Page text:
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    David Tepper says the stock market could be ‘near a bottom’ if U.S. gets a coronavirus recovery plan

    Hedge-fund manager David Tepper says there is nothing wrong with “nibbling” at stocks that have experienced a brutal selloff in the past month, amid growing fears centered on the economic impact of the coronavirus pandemic. However, the star fund manager and billionaire says that U.S. lawmakers and the Trump administration need to act quickly to stabilize the economy and mitigate the damage from the deadly pathogen.

    “There’s nothing wrong with nibbling here,” the founder of Appaloosa Management said during a phone interview with CNBC on Monday, referring to stocks that have fallen at an unprecedented rate, as business activity across the globe shutters in order to contain the illness, COVID-19, the infectious disease that was first identified in Wuhan, China in December. Nearly 370,000 people have contracted the illness and some 16,000 lives have been lost, according to data compiled by Johns Hopkins University.
    In the U.S., there are more than 41,000 confirmed cases and almost 500 dead due to the infection.
    Tepper signaled that stock-market indexes, that have fallen by more than 20% from their peaks, meeting the widely accepted criteria for a bear market, could be “near a bottom once we get this package done,” he said.
    “It might be time to buy a little, and that means a little,” he emphasized. He cautioned that the market could still fall by another 10% or 15%, and investors should be willing to endure further pain.
    With that in mind, he told the business network that investors need to be prudent in identifying stocks in the wake of the carnage at least partly sparked by the outbreak.
    Asked if it was time to buy stocks, Tepper asked, rhetorically, “Which stocks?”
    ”You have to be very selective, right here,” he admonished.
    For his part, Tepper said he was buying beaten down technology-related names, as well as health-care shares. He said he also was buying corporate debt.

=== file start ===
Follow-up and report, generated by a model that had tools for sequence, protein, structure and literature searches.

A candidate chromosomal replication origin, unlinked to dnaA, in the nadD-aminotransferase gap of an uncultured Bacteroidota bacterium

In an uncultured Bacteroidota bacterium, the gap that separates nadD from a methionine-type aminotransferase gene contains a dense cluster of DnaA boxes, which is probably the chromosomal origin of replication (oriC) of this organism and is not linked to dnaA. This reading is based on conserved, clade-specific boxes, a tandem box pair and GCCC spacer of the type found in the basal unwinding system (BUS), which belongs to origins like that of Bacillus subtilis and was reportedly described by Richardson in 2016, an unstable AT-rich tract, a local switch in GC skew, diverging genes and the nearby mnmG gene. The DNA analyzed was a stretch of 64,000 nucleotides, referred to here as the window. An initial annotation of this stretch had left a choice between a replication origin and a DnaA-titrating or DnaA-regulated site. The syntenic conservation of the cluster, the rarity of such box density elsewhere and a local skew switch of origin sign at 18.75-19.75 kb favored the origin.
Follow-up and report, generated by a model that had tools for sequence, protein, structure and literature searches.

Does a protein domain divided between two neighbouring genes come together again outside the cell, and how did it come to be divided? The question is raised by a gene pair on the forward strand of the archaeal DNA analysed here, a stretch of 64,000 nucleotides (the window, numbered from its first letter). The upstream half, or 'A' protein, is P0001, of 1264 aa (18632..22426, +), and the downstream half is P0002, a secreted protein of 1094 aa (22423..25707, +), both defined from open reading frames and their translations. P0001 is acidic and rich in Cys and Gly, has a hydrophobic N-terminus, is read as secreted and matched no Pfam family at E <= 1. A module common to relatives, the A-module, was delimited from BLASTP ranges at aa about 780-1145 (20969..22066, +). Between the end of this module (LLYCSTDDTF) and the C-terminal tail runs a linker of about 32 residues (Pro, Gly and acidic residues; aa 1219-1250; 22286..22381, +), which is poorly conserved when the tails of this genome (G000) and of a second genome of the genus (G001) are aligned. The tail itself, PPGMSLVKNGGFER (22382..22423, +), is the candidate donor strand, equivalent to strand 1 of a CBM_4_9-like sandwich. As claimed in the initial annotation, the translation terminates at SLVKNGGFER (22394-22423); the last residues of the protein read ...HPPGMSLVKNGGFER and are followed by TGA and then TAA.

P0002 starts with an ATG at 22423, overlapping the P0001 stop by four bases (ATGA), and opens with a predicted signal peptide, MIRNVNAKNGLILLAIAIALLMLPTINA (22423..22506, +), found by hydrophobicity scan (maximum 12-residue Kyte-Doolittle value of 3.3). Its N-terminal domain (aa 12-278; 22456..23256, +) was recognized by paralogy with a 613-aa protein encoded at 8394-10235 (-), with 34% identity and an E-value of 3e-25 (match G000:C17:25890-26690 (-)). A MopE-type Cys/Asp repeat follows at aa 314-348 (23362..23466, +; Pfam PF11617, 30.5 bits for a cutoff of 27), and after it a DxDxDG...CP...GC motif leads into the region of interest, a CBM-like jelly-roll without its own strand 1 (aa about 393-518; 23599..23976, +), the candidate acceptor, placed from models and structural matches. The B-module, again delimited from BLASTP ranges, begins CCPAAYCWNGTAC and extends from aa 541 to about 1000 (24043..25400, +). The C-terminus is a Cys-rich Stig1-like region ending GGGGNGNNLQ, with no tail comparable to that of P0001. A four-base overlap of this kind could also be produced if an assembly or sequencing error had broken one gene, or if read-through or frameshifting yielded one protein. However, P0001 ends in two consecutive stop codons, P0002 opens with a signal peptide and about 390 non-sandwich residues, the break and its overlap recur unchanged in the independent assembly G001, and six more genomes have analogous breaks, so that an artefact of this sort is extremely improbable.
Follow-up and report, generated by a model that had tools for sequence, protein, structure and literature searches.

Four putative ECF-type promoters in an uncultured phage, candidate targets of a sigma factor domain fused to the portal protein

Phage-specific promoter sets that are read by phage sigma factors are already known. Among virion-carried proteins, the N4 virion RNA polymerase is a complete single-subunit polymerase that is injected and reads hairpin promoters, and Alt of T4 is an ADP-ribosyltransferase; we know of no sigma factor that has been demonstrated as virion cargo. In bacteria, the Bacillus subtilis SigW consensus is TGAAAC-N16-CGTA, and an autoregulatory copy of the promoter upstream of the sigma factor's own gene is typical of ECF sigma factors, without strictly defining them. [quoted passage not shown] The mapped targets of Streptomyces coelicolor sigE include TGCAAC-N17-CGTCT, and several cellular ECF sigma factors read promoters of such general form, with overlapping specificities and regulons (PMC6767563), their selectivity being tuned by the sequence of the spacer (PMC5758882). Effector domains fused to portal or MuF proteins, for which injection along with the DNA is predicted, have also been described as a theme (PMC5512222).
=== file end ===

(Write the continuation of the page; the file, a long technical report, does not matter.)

“We are nibbling, no question about it,” he acknowledged. “Things look really interesting for the long term,” he said.
    Tepper’s comments come as Senate lawmakers race to finish a massive aid package to help Americans devastated by the coronavirus. Treasury Secretary Steven Mnuchin said it needed to be completed “today,” to do the most good.
    However, talks have been stalled as Democrats blocked a fresh effort by Senate Majority Leader Mitch McConnell to move a bill forward.
    “We hope and expect to conclude negotiations today,” said Senate Minority Leader Chuck Schumer.
    During the CNBC interview, Tepper said, “Tell me when you have a plan.”
    “In some sense, you need a plan and you need to go out and do this to give confidence to the market,” he explained. “Do whatever it takes to get it down,” he said, referring, perhaps, both to a plan by U.S. lawmakers and by the Trump administration to get much-needed ventilators and masks produced for those sickened by the illness.
    “I can’t wait to invest again,” he said, striking an upbeat tone.
    Markets, however, were far from upbeat. The Dow Jones Industrial Average DJIA, -3.03%, the S&P 500 index SPX, -2.92% and the Nasdaq Composite Index COM, +0.92% all ended sharply lower Monday, as investors also awaited clarity from Capitol Hill on a rescue package.
    Tepper may be best known for the concentrated bets he made on the financial system during the 2007-09 financial crisis, when he cited the backstop provided by the Federal Reserve as a reason to own beaten-down bank shares.
    He also saw a windfall after betting, correctly, that commercial property bonds underpinned by New York City’s hulking Stuyvesant Town and Peter Cooper Village residential complex would recover.
    Tepper’s net worth was estimated at $12 billion by Forbes, ranking him as the world’s fifth-wealthiest hedge-fund manager. Tepper has also been an outspoken critic of President Donald Trump.
    Since buying the National Football League’s Carolina Panthers, Tepper mostly retreated from investing for others. Back in May, he started converting his hedge-fund firm to a family office, according to reports.
    Appaloosa Management LP has earned an average annual return of 25% since its inception in 1993, and his flagship fund regularly features among the ranks of all-time top performers

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